Costs which are determined in this way are projected in the first year of the new method and are subject to a deposit. In the last method, the average productivity factor amounted to 2.5% a year.
Moreover, compensation for the inflated network operator price index (NPI) has been introduced for the duration of the new method. For the next (third) regulation period, the NPI amounts to 1.94%.
The future volume production corresponds with that from the preceding methodology: volume production is established by comparing the contractually committed capacities as of June 1 2012 with the maximum technical capacity. The imputed amount of existing contracted capacity from 2017 onwards is permanently fixed, leaving aside capacities which are not transferred to suppliers. If additional capacities (beyond the contractually committed capacities) are allocated at an entry or exit point, they will also be considered. Any decline of committed capacities detected in the volume production between 2013 and 2016 does not influence the calculation of the volume production for the price period from 2017 onwards. This prevents remaining consumers from having to absorb the decline in capacity demand in the transmission system. Rather, it is the TSO which carries the marketing risk for which it is compensated by the risk premium included in the cost of equity and an individual risk premium.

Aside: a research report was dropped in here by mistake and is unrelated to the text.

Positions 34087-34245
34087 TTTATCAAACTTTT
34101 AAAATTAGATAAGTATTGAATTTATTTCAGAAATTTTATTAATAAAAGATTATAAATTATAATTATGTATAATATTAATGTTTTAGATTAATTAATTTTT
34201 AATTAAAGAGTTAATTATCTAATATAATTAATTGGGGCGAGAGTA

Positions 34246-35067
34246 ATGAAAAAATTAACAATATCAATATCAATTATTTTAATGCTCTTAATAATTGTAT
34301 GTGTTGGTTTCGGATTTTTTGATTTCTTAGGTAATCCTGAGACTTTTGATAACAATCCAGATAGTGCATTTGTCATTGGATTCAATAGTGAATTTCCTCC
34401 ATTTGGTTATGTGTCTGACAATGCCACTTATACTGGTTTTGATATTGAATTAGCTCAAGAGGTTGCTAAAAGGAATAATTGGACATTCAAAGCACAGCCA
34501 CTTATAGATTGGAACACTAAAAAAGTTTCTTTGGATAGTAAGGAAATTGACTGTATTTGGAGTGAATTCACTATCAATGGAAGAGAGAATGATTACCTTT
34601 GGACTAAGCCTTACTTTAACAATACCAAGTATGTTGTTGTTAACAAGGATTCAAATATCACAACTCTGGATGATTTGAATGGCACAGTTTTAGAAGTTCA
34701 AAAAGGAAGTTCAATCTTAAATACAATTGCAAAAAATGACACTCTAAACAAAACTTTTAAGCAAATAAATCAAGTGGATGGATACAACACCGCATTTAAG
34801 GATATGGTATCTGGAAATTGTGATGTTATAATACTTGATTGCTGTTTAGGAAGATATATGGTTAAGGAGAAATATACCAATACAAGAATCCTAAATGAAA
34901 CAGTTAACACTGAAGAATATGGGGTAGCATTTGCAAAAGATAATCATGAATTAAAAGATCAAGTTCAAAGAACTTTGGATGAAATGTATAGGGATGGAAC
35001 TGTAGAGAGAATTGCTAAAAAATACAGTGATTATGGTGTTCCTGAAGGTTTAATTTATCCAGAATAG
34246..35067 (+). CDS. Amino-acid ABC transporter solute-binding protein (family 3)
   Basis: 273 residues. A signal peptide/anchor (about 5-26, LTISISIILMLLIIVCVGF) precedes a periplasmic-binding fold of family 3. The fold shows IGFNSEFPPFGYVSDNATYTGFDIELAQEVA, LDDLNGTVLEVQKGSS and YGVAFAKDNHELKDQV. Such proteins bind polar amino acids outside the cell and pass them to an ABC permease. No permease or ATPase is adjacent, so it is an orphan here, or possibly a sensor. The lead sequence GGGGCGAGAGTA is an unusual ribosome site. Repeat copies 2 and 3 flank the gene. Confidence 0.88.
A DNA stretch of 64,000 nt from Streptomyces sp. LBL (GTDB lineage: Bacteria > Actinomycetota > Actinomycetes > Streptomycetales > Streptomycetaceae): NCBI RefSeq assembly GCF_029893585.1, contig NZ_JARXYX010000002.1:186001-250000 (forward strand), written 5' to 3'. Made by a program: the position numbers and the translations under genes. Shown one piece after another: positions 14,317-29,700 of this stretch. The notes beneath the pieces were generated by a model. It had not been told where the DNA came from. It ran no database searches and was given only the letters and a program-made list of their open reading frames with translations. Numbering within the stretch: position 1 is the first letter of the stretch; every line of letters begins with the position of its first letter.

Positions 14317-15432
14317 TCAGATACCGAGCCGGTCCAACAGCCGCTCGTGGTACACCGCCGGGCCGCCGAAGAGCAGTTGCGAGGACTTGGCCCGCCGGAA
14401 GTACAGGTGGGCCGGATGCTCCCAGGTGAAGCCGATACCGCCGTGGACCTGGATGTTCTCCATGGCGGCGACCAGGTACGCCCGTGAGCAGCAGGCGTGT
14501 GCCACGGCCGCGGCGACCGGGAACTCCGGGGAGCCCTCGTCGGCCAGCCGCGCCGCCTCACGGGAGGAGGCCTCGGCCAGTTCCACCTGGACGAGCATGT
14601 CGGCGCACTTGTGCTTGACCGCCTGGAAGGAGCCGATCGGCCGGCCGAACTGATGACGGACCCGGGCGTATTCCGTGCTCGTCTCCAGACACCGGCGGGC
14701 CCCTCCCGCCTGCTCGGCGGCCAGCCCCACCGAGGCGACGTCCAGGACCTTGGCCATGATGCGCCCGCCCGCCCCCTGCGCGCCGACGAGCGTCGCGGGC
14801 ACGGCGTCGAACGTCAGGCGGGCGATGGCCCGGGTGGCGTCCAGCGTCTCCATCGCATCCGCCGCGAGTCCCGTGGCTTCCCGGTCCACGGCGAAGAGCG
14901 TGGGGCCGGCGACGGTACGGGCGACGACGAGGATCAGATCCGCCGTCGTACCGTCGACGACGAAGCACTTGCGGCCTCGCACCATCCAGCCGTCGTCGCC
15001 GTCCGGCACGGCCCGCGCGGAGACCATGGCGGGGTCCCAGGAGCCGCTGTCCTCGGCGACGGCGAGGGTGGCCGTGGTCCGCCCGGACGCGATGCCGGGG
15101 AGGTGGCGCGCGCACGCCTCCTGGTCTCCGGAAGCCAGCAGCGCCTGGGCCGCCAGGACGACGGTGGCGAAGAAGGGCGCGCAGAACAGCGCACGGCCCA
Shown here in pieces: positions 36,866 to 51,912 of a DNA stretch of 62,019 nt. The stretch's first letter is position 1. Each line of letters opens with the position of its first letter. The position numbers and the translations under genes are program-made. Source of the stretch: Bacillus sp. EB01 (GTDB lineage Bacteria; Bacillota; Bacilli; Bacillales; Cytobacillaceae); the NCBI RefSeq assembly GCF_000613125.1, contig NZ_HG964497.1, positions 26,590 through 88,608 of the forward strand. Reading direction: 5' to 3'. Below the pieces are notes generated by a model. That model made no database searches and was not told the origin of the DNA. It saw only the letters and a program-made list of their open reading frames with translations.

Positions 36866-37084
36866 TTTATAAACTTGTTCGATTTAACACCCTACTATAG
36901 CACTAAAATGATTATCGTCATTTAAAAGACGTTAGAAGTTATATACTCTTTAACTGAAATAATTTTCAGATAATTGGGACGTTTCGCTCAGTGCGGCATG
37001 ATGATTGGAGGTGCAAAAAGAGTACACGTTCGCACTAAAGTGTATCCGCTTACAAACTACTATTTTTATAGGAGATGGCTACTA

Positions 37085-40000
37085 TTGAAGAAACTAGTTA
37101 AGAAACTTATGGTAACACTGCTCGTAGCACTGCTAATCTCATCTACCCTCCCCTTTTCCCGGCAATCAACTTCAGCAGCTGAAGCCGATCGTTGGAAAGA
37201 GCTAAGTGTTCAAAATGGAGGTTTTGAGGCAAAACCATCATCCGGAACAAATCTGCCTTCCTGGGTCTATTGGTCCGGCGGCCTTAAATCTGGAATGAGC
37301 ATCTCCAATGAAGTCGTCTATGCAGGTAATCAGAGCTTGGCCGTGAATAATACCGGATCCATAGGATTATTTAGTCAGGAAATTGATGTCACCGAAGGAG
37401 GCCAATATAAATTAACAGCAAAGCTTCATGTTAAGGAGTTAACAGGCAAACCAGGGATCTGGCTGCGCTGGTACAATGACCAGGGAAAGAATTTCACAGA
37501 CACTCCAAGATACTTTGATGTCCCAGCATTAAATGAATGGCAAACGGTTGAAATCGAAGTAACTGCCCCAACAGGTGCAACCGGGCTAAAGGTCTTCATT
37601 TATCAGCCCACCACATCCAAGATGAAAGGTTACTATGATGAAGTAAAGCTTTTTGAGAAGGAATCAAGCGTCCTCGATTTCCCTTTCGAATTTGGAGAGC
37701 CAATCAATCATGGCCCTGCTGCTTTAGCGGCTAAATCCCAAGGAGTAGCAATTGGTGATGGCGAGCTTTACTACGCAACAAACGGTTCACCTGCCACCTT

For further information on this topic please contact Bernd Rajal or Azra Dizdarevic at Schoenherr by telephone (+43 1 53 43 70) or email (firstname.lastname@example.org or email@example.com). The Schoenherr website can be accessed at www.schoenherr.eu.